Several authors have discussed solutions around this area. Kendall Walton (1994) can easily be read as endorsing this solution, though Walton’s discussion is rather tentative. Tamar Szabó Gendler rejects the theory, but thinks it is the most natural idea, and spends much of her paper arguing against this solution. As those authors, and Gregory Currie (2002), note, the solution needs to be tidied up a little before it will work for the phenomenological and imaginative puzzles. (It is less clear whether the tidying matters to the alethic puzzle.) For one thing, there is no felt asymmetry between a story containing, “Alex proved the twin primes theorem,” and one containing, “Alex found the largest pair of twin primes,” even though one of them is impossible. Since we don’t know which it is, the impossibility of the false one cannot help us here. So the theory must be that it is believed impossibilities that matter, for determining what we can imagine, not just any old impossibilities. Presumably impossibilities that are not salient will also not prevent imagination.

Even thus qualified, the solution still overgenerates, as Gendler noted. There are stories that are not puzzling in any way that contain known salient impossibilities. Gendler suggests three kinds of cases of this kind, of which I think only the third clearly works. The first kind of case is where we have direct contradictions true in the story. Gendler suggests that her Tower of Goldbach story, where seven plus five both does and does not equal twelve, is not puzzling. Graham Priest (1997) makes a similar point with a story, Sylvan’s Box, involving an empty box with a small statue in one corner. These are clear cases of known, salient impossibility, but arguably are not puzzling in any respect. (There is a distinction between the puzzles though. It is very plausible to say that it’s true in Priest’s story that there’s an empty box with a small statue in one corner. It is less plausible to say we really can imagine such a situation.) Opinion about such cases tends to be fairly sharply divided, and it is not good I suspect to rest too much weight on them one way or the other.

The second kind of case Gendler suggests is where we have a distinctively metaphysical impossibility, such as a singing snowman or a talking playing card. Similar cases as discussed by Alex Byrne (1993) who takes them to raise problems for David Lewis’s (1978) subjunctive conditionals account of truth in fiction. If we believe a strong enough kind of essentialism, then these will be impossible, but they clearly do not generate puzzling stories. For a quick proof of this, note that Alice in Wonderland is not puzzling, but several essentialist theses are violated there. It is true in Alice in Wonderland, for example, that playing cards plant rose trees.

But these examples don’t strike me as particularly convincing either. For one thing, the essentialism assumed here may be wrong. For another, the essentialism might not be both salient and believed to be right, which is what is needed. And most importantly, we can easily reinterpret what the authors are saying in order to be make the story possibly true. We can assume, for example, that the rosebush planting playing cards are not playing cards as we know them, but roughly human-shaped beings with playing cards for torsos. Gendler and Byrne each say that this is to misinterpret the author, but I’m not sure this is true. As some evidence, note that the authorised illustrations in Alice tend to support the reinterpretations.5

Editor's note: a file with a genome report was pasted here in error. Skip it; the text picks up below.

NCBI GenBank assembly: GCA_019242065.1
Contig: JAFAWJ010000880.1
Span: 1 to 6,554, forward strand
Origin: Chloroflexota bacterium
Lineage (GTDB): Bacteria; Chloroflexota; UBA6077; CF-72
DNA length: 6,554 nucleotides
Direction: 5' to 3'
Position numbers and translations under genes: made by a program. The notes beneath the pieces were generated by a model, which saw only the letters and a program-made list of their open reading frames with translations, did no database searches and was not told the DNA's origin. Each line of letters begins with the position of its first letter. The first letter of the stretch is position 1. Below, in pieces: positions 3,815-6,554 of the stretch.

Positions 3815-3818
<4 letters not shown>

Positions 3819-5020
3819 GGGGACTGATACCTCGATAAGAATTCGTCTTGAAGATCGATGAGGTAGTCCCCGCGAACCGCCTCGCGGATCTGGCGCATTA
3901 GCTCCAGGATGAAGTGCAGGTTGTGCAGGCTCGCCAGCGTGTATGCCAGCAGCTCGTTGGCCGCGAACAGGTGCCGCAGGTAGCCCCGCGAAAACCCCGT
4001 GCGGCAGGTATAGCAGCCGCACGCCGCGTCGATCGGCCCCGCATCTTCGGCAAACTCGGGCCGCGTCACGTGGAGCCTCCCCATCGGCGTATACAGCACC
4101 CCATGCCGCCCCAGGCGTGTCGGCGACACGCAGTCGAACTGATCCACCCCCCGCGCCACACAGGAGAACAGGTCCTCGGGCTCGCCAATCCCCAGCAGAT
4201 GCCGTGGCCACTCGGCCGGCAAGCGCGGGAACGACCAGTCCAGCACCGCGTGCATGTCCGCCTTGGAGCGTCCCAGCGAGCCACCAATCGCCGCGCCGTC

Gendler’s third case is better. There are science fiction stories, especially time travel stories, that are clearly impossible but which do not generate resistance. Here’s two such stories, the first lightly modified from a surprisingly popular movie, and the second lifted straight from a very popular source.

Back to the Future\(^\prime\)
Marty McFly unintentionally travelled back in time to escape some marauding Libyan terrorists. In doing so he prevented the chance meeting which had, in the timeline that had been, caused his father and mother to start dating. Without that event, his mother saw no reason to date the unattractive, boring nerdy kid who had been, in a history that no longer is, Marty’s father. So Marty never came into existence. This was really a neat trick on Marty’s part, though he was of course no longer around to appreciate it. Some people manage to remove themselves from the future of the world by foolish actions involving cars. Marty managed to remove himself from the past as well.

The Restaurant at the End of the Universe
The Restaurant at the End of the Universe is one of the most extraordinary ventures in the entire history of catering.

It is built on the fragmented remains of an eventually ruined planet which is enclosed in a vast time bubble and projected forward in time to the precise moment of the End of the Universe.

This is, many would say, impossible.

You can visit it as many times as you like … and be sure of never meeting yourself, because of the embarrassment this usually causes.

This, even if the rest were true, which it isnt, is patently impossible, say the doubters.

All you have to do is deposit one penny in a savings account in your own era, and when you arrive at the End of Time the operation of compound interest means that the fabulous cost of your meal has been paid for.

This, many claim, is not merely impossible but clearly insane. (Adams 1980, 213–14)

Neither of these are puzzling. Perhaps it’s hard to imagine the last couple of sentences of the McFly story, but everything the respective authors say is true in their stories. So the impossibility theory cannot be right, because it overgenerates, just as Gendler said.